Thursday, 21 June 2012

Gay Marriage. Gay Divorce. Same Difference.

As the deadline for the government’s consultation paper approached on 14 June 2012, it was difficult to avoid the media battle between those in support of the Church of England and those in support of gay marriage.  I am not going to give an extensive review of all the arguments for and against gay marriage here (there is plenty of information out there already) but rather I wanted to give some consideration to one particular argument and to the practical challenges which may arise for family law practitioners if gay marriage is legalised.

Confusing Uniformity with Equality
Part of the case against gay marriage is that equality can be, and has been, achieved without the need to legalise gay marriage.  After all, they have civil partnerships which confer the same rights in terms of property and finances as married couples enjoy.  What more could they want?

Civil partnerships were a huge step forward for the gay rights movement but I can’t help thinking that they were a bit like the ‘Women’s Bar’ at the golf club.  Fortunately, that is not something you see much of these days but there was a time when, as long as the facility was provided (even if it was through the back door or on the other side of the car park), it was considered that you had complied with the need for equality.  But that is a false equality.  Even if the Women’s Bar is just as grand, what is wrong with the women using the Main Bar (almost never referred to as the Men’s Bar) and participating in that particular part of the club’s heritage?
Uniformity is not always necessary to achieve equality.  That is true. In fact, in some cases a non-uniform approach may be necessary to ensure that equality is achieved.  But the question here is whether the non-uniform approach of providing gay couples with civil partnerships and straight couples with marriage achieves equality.  I submit that it does not.

Is a Civil Partnership Equivalent to a Marriage?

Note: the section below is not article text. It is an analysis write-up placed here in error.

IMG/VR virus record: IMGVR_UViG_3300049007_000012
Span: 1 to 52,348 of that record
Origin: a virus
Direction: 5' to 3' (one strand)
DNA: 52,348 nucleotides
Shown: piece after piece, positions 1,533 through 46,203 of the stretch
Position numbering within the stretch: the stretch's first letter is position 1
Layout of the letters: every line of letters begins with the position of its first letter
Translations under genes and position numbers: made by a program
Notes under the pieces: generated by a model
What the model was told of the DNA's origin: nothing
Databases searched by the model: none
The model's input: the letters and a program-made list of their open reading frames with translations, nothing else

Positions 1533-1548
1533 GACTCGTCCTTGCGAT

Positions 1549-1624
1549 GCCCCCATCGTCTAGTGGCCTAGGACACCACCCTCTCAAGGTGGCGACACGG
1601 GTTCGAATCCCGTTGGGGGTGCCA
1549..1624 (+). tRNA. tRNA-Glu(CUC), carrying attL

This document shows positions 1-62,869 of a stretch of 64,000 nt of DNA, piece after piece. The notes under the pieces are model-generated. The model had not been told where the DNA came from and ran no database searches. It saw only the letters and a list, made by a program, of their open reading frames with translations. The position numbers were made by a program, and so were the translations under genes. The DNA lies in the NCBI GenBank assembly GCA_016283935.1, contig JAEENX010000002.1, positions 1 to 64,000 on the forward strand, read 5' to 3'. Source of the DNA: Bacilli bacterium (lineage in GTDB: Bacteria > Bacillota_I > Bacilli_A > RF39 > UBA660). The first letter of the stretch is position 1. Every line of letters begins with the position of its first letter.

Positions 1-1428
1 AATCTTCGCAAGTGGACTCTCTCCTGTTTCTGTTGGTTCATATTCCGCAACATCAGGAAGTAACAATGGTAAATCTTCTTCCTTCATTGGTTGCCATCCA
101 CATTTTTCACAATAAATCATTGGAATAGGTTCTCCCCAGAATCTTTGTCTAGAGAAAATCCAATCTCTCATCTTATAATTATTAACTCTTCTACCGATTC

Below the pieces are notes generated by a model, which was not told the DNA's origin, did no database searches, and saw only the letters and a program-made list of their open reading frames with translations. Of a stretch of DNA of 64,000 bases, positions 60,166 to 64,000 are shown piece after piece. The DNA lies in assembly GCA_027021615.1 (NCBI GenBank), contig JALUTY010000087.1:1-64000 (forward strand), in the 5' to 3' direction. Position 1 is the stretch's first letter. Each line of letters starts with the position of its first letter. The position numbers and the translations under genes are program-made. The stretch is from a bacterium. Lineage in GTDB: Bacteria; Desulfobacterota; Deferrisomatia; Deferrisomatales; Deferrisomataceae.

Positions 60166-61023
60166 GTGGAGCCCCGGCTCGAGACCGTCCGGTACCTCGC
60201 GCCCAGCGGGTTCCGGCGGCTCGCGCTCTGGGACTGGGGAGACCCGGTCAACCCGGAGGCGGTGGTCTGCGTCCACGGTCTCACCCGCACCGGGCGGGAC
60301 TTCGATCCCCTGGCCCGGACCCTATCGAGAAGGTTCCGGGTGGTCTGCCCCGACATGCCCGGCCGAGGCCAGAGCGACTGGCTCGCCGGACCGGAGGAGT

It is not before God, it does not have the same social and historic connotations and, whilst I cannot speak for those who have entered into a civil partnership, my own experience of marriage is something quite profound.  There is nothing quite like referring to my ‘husband’ and being called his ‘wife’.  I’d hate to deny anyone that, no matter who their choice of partner is.
I have seen it suggested that there is a fundamental difference between a gay couple and a straight couple that needs to recognised and accommodated in law and religion.  I do not accept that that stands up in this modern society.

Whilst there may be arguments that marriage, in the traditional sense, is rooted in a need to create offspring and a suitable environment within which to raise them, that is simply not the case anymore.  Not every straight couple who marries chooses to have children and not everyone who has children chooses to get married.

Furthermore, every couple will be different no matter what its composition.  Every two people in a relationship will have their own way of loving each other, expressing that love and building their lives together that will be unique to them.  Even if there is an inherent difference in the way in which two men or two women relate to each other, as compared to a man and a woman, it is a completely arbitrary test and it cannot be considered grounds for determining what legal rights they are entitled to.
Same old, same old.

So what of those challenges that the family practitioner may face when dealing with gay marriage?   Let’s take s.25 of the Matrimonial Causes Act 1975; we know from Lawrence v Gallagher [2012] EWCA Civ 394 that the courts will not be treating the dissolution of a civil partnership any differently to the breakdown of a marriage.   It is possible that there may be various factors to consider that will come up more often in same sex relationships, perhaps in relation to children (IVF or surrogacy disputes), or consideration of contributions to the ‘marriage’ that might require a further re-evaluation of the traditional relationship stereotypes.  In that regard, it may widen the scope of issues that practitioners may have to consider when advising clients but ultimately, there will be few new challenges that family practitioners don’t already face in dealing with the wonderful array of colourful characters, with their quirks, questions and unique relationships arrangements, who come to us for advice on the breakdown of traditional marriages or civil partnerships.

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